What Are the Mental Health Effects of Being Adopted?

Affectionate father holding young daughter at home, love, family, nurturing

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While many people look at adoption as something beautiful—and it can be—the truth is that adoptees may deal with significant mental health effects after being adopted.

Adoption involves placing a child with someone who is not their biological parent—whether this is after being separated at birth or being adopted at any subsequent point.

There are about seven million adoptees living in the United States and approximately 140,000 are adopted each year.

Attachment starts in the womb,so even for children relinquished at birth, this represents a significant trauma and attachment wound.

Adoption is often forgotten when speaking about trauma, leading to a form of disenfranchised grief, which is grief that is not typically acknowledged or validated by society. Both the trauma and the unrecognized grief may contribute to significant mental health issues. Here are some ways this affects adoptees.

Adoptees at Higher Risk for Mental Health Issues

Adoptees are statistically known to be more at risk for mental health problems, both due to the initial trauma and genetics.

Mental health issues may also be prevalent in biological parents, who have suffered their own traumas, which are then genetically passed on to the child.

A meta-analysis (review of studies) about adoptees’ mental health found higher levels of depression and anxiety than in non-adoptees, with bipolar disorder and major depressive disorder the two disorders most associated with adoption. Additionally, adoptees are more than four times more likely to attempt suicide.

Why Adoptees are at Risk

Adoption is a trauma that is often overlooked. “It’s not natural for a baby anything to be separated immediately from its mother,” says Lesli Johnson, LMFT, a therapist who works with adoptees.

Lesli Johnson, LMFT

It’s not OK to bring puppies home until they’re eight weeks old, but with infants, we have this expectation that they’re just supposed to fit in and belong.

— Lesli Johnson, LMFT

Attachment is the state of emotional connectedness with another human being, primarily parents. Research shows that children who have been adopted face higher levels of attachment insecurity than non-adoptees—and adoptees who enter their parents’ lives later than at one year old have deeper attachment issues than those adopted at birth or soon after.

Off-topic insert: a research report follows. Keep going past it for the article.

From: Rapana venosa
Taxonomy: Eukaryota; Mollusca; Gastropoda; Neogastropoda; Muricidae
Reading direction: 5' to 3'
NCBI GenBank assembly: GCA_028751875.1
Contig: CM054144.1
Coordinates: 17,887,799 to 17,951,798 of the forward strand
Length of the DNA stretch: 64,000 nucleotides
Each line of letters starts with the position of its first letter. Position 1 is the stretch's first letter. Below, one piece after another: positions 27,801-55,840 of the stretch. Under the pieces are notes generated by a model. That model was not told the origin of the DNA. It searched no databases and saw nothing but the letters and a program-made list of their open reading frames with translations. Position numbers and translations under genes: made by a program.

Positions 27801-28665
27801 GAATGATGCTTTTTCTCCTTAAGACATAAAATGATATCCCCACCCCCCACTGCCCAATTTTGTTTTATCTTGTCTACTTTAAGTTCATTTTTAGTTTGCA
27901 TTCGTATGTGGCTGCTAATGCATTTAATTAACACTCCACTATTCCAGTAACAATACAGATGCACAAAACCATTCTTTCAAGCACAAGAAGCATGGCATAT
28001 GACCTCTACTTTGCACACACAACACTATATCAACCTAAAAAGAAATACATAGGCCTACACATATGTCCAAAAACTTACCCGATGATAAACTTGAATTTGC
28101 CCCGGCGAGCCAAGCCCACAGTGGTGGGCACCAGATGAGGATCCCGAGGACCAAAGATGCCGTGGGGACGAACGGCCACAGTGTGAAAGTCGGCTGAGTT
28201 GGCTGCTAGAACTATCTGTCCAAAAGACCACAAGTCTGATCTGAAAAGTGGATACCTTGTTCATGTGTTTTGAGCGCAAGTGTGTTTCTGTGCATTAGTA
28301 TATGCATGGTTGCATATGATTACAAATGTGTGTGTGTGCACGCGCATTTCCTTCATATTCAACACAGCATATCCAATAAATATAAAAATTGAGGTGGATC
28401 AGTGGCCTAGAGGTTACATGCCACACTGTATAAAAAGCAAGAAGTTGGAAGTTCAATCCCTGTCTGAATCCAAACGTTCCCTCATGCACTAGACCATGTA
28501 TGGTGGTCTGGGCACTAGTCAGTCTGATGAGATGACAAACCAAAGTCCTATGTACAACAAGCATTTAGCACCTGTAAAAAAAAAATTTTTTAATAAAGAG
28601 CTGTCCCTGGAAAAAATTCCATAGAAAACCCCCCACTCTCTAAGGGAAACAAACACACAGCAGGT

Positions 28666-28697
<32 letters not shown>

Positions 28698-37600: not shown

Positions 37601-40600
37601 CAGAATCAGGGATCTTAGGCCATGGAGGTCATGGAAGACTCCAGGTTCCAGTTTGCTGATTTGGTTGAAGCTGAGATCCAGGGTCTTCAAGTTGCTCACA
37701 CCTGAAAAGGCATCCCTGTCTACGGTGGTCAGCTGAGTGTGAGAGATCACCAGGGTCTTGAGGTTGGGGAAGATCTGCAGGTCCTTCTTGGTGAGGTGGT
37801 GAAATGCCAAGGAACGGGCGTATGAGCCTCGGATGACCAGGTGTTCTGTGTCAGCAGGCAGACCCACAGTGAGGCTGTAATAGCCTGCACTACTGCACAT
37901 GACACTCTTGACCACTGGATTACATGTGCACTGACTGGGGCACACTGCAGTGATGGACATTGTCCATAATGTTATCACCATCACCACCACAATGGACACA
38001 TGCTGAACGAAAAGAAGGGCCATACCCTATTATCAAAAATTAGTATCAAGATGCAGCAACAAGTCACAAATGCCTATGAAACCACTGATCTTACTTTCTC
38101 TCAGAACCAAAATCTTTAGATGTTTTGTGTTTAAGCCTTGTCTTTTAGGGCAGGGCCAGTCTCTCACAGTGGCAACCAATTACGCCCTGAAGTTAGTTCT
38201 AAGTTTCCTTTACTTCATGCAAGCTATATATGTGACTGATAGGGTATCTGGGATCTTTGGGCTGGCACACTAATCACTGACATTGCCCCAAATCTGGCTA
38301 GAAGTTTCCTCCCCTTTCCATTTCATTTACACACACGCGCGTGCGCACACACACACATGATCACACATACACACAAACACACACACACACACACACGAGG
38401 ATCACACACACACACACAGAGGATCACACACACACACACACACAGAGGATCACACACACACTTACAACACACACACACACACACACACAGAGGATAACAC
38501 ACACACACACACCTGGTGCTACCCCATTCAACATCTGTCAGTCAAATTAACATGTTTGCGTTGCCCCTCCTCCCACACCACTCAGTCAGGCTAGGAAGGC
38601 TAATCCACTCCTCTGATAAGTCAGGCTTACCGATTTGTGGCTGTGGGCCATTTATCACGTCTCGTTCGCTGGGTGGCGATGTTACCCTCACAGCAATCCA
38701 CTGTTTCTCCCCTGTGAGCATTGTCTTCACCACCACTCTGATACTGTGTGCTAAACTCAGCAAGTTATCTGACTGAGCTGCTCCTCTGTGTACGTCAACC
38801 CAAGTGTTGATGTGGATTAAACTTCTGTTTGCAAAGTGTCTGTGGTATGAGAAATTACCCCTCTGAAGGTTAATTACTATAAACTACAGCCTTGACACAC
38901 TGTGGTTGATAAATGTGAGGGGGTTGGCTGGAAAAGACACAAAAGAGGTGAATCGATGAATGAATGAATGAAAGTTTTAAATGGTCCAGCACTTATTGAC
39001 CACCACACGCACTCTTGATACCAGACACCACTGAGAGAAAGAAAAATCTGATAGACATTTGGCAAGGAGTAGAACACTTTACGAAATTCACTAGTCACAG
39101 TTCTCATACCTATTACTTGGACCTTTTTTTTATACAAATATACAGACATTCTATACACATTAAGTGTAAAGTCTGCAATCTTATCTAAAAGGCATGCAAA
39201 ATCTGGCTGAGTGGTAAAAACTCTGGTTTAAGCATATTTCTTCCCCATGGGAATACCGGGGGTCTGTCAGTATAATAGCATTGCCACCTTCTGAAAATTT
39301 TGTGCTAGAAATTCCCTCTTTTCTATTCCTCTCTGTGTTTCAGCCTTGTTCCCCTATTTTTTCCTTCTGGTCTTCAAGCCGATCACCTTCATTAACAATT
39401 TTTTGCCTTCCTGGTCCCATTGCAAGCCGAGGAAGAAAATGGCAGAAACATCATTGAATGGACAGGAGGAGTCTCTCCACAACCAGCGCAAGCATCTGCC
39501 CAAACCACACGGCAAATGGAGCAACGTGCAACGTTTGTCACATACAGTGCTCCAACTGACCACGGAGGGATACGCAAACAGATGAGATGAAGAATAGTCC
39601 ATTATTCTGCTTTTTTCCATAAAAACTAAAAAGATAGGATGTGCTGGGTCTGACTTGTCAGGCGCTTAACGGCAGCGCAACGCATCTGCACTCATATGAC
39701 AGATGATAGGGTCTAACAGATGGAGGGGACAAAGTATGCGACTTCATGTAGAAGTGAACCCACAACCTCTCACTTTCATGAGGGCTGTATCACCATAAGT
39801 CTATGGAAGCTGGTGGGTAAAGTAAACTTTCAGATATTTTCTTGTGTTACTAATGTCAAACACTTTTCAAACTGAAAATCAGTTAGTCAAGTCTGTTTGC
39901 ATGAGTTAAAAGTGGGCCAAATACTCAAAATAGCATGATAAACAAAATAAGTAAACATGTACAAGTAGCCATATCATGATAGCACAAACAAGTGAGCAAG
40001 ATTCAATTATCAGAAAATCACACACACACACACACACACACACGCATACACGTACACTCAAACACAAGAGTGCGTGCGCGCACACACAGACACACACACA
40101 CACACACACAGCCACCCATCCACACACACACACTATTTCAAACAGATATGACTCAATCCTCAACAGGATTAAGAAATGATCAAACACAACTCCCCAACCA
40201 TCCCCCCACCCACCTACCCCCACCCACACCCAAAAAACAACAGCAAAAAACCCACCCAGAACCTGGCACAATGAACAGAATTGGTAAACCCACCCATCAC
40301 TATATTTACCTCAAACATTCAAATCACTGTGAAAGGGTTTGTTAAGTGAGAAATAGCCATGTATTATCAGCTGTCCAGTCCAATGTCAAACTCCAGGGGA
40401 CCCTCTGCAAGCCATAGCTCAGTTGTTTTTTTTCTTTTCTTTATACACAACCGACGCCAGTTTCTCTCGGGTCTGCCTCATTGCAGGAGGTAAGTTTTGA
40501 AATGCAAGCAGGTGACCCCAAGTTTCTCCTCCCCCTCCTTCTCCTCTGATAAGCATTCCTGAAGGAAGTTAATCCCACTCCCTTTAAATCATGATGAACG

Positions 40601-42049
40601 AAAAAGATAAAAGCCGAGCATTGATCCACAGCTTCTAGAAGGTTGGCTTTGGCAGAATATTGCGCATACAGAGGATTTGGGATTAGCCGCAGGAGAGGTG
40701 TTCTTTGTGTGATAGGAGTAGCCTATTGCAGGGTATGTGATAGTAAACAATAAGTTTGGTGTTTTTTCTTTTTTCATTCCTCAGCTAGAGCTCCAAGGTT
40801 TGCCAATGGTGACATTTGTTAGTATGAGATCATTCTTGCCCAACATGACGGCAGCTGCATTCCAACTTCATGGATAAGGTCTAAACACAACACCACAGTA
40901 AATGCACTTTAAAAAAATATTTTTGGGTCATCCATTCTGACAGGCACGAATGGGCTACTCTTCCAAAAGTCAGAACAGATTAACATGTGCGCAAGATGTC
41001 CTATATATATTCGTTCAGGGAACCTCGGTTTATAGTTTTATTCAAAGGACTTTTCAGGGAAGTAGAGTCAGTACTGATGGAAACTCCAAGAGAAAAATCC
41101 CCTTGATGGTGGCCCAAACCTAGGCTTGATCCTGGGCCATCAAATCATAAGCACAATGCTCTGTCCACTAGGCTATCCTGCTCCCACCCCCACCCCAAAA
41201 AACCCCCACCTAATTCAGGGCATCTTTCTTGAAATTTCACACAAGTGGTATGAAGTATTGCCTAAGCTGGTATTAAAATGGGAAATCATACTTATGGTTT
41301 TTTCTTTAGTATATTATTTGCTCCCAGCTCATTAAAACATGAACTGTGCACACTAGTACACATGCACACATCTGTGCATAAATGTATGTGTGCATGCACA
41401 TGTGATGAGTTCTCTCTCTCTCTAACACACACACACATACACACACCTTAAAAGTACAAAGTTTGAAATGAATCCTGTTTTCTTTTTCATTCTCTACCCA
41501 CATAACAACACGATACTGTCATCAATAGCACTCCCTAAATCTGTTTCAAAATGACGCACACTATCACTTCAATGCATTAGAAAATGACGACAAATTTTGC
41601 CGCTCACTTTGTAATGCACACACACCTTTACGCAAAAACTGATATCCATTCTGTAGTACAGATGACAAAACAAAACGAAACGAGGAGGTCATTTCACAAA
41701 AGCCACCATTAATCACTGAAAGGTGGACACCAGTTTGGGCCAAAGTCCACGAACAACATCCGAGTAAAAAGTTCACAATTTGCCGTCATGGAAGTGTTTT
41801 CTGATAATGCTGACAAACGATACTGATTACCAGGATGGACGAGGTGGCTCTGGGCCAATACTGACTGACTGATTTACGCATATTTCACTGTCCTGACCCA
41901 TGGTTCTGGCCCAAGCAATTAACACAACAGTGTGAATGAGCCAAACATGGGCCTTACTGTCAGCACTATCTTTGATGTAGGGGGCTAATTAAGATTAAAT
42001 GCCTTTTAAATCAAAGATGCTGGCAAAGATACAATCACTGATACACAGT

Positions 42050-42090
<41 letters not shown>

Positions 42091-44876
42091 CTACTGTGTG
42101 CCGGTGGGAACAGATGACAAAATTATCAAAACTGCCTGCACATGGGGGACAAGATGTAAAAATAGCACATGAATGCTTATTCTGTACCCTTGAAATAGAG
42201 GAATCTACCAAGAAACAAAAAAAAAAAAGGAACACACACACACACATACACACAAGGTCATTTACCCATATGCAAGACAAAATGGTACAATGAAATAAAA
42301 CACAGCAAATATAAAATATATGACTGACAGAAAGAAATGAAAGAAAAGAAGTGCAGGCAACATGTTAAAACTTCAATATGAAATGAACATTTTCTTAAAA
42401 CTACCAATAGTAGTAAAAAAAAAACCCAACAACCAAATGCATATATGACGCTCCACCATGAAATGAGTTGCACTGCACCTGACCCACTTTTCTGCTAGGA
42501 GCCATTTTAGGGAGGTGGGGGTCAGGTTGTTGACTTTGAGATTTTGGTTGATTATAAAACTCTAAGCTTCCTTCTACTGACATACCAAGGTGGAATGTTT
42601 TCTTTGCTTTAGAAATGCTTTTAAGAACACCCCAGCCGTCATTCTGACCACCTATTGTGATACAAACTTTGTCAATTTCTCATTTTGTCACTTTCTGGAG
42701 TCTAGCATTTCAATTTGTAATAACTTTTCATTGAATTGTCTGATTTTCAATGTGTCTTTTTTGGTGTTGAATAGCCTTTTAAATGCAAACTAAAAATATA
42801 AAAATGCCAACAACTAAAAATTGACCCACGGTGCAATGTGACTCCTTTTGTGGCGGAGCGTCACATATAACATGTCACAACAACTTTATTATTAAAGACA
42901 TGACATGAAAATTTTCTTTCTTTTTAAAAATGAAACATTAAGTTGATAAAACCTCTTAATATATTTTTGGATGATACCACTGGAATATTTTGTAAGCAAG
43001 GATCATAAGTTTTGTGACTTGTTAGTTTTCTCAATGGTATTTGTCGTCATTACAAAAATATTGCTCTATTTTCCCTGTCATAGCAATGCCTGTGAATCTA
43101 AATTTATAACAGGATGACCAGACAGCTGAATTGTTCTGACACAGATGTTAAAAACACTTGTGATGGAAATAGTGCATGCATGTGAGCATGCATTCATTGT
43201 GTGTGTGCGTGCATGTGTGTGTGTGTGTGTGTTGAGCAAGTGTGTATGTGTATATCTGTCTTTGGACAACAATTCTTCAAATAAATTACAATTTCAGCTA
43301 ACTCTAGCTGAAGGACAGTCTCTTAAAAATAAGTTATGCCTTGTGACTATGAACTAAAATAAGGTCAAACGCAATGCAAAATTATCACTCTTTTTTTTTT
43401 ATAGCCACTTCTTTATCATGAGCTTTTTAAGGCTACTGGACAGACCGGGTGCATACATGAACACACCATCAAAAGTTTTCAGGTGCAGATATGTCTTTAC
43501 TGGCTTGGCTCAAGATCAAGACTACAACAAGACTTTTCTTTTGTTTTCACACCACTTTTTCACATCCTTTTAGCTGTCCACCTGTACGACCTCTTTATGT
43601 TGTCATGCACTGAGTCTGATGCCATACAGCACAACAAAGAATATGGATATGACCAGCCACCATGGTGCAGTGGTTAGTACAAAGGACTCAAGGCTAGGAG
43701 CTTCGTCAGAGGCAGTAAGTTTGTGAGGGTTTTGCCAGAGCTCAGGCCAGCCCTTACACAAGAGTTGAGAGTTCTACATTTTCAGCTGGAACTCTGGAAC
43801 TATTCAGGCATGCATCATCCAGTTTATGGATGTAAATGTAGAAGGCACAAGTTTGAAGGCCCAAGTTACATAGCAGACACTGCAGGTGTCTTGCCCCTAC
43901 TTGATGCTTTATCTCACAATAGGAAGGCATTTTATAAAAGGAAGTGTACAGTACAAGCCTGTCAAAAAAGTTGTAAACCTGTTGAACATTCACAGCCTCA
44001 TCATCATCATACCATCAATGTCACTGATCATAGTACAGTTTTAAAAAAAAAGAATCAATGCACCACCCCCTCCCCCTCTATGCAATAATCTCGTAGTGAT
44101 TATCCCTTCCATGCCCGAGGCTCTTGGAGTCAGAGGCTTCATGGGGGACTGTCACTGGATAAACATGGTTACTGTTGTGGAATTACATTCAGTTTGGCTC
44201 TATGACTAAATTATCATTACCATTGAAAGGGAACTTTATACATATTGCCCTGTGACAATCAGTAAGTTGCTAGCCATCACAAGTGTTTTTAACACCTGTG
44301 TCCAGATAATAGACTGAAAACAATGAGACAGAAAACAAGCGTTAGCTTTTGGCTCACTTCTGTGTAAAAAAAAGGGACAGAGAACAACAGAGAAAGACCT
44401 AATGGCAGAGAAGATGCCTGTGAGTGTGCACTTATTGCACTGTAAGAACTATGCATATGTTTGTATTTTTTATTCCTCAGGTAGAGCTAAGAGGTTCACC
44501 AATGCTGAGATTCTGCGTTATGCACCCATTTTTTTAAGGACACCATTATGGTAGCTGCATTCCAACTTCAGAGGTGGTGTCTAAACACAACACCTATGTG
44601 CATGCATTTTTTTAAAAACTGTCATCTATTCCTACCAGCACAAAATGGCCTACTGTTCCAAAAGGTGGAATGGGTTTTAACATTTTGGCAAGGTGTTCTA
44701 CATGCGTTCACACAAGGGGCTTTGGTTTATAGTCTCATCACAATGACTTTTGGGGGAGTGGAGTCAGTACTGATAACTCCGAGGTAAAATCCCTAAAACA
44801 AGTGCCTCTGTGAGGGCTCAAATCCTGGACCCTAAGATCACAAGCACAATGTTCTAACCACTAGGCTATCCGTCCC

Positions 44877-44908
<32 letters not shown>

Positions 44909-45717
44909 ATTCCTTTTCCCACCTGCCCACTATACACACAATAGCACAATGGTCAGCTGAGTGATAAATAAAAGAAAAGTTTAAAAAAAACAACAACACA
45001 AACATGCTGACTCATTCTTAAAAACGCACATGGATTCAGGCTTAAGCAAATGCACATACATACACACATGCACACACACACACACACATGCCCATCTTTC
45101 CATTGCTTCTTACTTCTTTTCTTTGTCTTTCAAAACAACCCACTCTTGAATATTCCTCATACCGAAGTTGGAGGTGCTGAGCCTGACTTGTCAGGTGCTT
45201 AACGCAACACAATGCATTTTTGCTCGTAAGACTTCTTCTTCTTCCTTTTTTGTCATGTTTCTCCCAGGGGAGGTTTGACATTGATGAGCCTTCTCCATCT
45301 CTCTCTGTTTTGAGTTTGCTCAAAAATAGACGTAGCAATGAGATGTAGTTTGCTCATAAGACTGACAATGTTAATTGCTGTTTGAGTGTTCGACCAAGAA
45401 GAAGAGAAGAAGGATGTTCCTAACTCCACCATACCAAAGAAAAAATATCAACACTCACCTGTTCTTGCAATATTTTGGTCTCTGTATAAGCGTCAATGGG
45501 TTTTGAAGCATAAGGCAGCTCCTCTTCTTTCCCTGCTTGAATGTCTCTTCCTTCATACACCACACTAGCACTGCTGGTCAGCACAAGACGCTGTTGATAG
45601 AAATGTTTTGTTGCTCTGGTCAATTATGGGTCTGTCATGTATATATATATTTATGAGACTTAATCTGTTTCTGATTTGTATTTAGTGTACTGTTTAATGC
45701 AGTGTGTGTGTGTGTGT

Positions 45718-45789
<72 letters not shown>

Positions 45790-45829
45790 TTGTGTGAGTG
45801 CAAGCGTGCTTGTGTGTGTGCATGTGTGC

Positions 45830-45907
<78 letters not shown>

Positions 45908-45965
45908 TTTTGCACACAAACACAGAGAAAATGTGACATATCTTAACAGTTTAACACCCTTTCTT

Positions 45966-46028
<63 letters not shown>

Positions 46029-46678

Some of this may be due to intergenerational transmission of attachment issues—that is, the changes in one’s body/brain due to poor attachment being genetically passed on.

Additionally, Johnson says that some of the issues come from the messaging that adoptees receive—both societally and at home. “If they are told ‘your parent loved you so much, she wanted you to have a better life,’ kids might conflate love with loss. It’s not a great way for adoptive parents to explain it to kids.”

Mental Health Effects of Being Adopted

Adoptees are more likely to have a psychiatric diagnosis than non-adoptees, both due to the effects of trauma as well as increased chance of heritability. Some common diagnoses among adoptees:

Common Issues Among Adoptees

While there are certain mental health conditions and diagnoses that adoptees are vulnerable to, there are also issues that arise that do not represent a clinical diagnosis, but nonetheless, affect adoptees' lives.

Disenfranchised Grief

While things like death and divorce are typically recognized as grief, adoption is not often recognized. This is called disenfranchised grief—a type of grief that people feel uncomfortable acknowledging publicly. 

Johnson says that this type of grief is common among adoptees because of the societal messaging suggesting “you should be grateful” or “you were adopted into a good family.”